Tissue specific mutagenic and carcinogenic responses in NER defective mouse models
Several mouse models with defects in genes encoding components of the nucleotide excision repair (NER) pathway have been developed. In NER two different sub-pathways are known, i.e. transcription-coupled repair (TC-NER) and global-genome repair (GG-NER). A defect in one particular NER protein can lead to a (partial) defect in GG-NER, TC-NER or both. GG-NER defects in mice predispose to cancer, both spontaneous as well as UV-induced. As such these models (Xpa, Xpc and Xpe) recapitulate the human xeroderma pigmentosum (XP) syndrome. Defects in TC-NER in humans are associated with Cockayne syndrome (CS), a disease not linked to tumor development. Mice with TC-NER defects (Csa and Csb) are - except for the skin - not susceptible to develop (carcinogen-induced) tumors. Some NER factors, i.e. XPB, XPD, XPF, XPG and ERCC1 have functions outside NER, like transcription initiation and inter-strand crosslink repair. Deficiencies in these processes in mice lead to very severe phenotypes, like trichothiodystrophy (TTD) or a combination of XP and CS. In most cases these animals have a (very) short life span, display segmental progeria, but do not develop tumors. Here we will overview the available NER-related mouse models and will discuss their phenotypes in terms of (chemical-induced) tissue-specific tumor development, mutagenesis and premature aging features.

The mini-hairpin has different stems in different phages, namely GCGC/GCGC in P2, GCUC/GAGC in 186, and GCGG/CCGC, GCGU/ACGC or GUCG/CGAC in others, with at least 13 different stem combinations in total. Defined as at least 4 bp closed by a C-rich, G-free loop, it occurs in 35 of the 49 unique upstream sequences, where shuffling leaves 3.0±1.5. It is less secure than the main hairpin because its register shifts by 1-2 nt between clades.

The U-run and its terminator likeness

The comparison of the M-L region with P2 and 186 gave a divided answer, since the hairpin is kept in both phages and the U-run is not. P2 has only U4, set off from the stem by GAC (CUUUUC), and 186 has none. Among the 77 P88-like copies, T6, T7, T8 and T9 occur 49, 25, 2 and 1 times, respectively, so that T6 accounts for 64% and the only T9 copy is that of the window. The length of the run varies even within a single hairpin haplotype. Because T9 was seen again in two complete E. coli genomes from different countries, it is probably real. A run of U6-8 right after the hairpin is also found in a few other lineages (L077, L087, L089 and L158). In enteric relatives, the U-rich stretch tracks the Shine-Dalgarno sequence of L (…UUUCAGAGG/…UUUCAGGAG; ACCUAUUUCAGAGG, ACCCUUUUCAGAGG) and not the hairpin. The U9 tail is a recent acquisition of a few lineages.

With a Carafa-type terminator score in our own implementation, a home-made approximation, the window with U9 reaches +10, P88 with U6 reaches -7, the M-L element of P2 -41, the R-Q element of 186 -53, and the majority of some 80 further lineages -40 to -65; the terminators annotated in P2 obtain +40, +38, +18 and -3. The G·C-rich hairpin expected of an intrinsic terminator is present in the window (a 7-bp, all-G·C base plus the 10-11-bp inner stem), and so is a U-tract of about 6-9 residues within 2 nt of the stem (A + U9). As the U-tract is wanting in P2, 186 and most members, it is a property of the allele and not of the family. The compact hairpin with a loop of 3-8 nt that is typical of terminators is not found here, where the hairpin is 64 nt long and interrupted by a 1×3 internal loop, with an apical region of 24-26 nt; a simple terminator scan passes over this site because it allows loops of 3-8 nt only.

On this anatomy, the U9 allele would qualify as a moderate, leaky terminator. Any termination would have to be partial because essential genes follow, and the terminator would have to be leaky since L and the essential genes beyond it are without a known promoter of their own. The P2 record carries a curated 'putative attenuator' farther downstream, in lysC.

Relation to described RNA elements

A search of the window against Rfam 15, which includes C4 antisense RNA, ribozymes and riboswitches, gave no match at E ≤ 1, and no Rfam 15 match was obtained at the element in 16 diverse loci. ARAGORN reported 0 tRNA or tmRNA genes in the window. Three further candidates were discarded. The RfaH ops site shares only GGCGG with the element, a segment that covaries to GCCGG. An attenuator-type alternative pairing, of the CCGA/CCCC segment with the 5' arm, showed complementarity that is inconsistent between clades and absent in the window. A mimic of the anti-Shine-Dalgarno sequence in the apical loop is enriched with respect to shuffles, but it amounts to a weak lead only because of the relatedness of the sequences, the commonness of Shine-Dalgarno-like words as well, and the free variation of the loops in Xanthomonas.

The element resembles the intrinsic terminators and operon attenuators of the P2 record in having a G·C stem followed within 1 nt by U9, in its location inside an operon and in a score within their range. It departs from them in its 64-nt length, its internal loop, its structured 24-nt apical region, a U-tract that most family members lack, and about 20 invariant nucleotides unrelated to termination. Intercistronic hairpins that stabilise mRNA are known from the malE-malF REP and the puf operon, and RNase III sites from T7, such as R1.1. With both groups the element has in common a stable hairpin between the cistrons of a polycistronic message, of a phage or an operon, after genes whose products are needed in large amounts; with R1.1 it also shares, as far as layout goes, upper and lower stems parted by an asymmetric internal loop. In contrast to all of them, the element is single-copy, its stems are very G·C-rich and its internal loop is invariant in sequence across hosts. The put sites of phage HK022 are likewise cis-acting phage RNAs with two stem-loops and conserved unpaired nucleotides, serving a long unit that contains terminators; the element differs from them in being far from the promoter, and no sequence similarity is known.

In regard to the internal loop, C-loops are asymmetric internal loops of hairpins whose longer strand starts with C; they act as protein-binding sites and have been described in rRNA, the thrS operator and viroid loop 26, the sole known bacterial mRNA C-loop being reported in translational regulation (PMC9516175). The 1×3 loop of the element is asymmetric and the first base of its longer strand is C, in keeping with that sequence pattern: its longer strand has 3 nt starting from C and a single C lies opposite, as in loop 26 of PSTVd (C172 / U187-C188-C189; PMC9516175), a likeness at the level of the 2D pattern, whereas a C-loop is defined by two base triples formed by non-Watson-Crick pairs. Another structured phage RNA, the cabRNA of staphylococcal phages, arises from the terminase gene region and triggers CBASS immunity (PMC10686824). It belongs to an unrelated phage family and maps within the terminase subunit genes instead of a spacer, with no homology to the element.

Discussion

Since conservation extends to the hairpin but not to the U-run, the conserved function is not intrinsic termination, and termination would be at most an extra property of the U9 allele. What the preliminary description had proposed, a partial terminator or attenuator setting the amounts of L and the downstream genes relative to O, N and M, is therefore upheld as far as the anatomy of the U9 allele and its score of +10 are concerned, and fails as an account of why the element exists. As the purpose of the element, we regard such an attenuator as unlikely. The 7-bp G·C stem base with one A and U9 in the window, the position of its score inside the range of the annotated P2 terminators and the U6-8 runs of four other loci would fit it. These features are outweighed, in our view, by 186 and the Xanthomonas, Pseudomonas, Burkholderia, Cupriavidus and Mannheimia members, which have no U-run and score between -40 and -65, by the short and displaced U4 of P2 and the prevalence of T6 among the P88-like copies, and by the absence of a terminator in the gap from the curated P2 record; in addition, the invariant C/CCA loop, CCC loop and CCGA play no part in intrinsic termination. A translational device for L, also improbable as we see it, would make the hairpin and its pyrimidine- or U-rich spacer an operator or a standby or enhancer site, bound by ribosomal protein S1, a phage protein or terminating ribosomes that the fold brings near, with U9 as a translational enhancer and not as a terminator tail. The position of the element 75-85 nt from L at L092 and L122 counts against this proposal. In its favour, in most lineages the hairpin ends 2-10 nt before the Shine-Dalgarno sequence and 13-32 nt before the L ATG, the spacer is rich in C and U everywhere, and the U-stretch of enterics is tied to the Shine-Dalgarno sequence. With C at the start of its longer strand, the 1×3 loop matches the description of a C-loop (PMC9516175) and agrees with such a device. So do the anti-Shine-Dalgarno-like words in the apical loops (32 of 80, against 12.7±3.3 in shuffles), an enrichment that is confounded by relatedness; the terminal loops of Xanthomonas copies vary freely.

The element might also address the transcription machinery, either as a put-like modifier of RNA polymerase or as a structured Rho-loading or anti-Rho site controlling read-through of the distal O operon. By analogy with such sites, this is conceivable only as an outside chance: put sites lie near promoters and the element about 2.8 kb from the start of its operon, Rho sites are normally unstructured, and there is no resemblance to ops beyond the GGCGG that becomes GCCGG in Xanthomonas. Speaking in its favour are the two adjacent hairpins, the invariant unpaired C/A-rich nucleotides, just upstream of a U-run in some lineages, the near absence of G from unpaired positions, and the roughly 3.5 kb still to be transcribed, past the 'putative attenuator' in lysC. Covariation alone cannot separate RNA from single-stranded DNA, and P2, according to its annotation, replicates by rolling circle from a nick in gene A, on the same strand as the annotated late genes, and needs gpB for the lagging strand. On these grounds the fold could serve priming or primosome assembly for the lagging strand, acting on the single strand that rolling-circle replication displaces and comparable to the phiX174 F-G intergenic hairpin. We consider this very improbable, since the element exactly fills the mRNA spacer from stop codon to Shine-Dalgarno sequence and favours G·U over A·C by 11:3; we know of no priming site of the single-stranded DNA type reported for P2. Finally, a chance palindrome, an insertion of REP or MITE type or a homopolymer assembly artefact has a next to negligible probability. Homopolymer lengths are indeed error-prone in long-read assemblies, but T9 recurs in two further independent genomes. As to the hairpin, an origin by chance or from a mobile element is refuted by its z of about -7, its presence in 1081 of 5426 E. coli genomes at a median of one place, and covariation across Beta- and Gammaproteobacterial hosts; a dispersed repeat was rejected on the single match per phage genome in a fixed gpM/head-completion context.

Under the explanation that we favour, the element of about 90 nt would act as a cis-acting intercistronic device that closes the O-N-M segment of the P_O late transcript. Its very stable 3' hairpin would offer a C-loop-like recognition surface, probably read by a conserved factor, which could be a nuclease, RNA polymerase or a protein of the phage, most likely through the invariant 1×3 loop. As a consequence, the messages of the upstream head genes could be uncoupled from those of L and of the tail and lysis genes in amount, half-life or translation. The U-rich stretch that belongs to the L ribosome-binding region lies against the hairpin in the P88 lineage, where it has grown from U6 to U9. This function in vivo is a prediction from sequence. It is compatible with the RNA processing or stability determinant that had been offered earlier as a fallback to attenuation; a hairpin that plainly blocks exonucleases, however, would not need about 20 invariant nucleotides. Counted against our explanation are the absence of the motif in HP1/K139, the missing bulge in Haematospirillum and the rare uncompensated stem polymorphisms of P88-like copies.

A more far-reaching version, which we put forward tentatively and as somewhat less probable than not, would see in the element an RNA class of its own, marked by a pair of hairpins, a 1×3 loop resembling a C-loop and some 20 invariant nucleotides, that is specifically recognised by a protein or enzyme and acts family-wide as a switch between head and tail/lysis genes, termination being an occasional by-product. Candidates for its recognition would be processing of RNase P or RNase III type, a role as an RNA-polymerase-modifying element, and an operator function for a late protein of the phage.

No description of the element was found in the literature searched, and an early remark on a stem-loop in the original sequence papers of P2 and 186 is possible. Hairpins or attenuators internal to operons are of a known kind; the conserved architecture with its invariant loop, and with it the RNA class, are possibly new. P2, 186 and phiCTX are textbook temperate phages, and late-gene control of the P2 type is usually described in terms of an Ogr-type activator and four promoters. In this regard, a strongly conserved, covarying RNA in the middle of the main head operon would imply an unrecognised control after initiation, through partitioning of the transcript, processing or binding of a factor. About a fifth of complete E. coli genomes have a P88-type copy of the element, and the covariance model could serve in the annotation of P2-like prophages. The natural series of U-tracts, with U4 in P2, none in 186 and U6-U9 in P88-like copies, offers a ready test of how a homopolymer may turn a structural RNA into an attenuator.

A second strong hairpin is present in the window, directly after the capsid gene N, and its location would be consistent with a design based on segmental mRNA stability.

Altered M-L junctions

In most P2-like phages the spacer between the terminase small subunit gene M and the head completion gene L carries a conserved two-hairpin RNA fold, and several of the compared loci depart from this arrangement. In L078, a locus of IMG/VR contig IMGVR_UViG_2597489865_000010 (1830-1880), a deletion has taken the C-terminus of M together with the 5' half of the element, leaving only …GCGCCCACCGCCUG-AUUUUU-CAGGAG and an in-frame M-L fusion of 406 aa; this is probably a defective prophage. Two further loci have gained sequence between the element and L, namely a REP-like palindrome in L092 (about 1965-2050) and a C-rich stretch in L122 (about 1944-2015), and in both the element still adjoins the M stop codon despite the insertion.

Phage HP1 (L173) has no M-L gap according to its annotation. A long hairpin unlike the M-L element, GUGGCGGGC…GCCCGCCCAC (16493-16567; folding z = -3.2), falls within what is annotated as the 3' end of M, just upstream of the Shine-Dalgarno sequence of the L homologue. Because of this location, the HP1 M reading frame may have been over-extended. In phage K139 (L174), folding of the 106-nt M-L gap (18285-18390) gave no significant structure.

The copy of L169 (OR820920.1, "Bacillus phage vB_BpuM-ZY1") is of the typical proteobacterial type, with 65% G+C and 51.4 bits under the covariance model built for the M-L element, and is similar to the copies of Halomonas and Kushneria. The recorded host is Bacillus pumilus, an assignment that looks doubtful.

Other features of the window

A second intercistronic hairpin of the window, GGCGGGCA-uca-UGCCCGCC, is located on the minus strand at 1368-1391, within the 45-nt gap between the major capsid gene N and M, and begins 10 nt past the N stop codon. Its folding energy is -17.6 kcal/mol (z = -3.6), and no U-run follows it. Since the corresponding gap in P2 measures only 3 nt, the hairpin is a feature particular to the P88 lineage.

|Keywords||Carcinogenesis, Chemical exposure, Cockayne syndrome, Global genome repair, Inter-strand cross-link repair, Mouse models, Mutagenesis, Nucleotide excision repair, Segmental progeria, Transcription coupled repair, Trichothiodystrophy, Xeroderma pigmentosum|
|Persistent URL||dx.doi.org/10.1016/j.mrfmmm.2005.12.018, hdl.handle.net/1765/35628|
|Journal||Mutation Research - Fundamental and Molecular Mechanisms of Mutagenesis|
Wijnhoven, S.W.P, Hoogervorst, E.M, de Waard, H, van der Horst, G.T.J, & van Steeg, H. (2007). Tissue specific mutagenic and carcinogenic responses in NER defective mouse models. Mutation Research - Fundamental and Molecular Mechanisms of Mutagenesis, 614(1-2), 77–94. doi:10.1016/j.mrfmmm.2005.12.018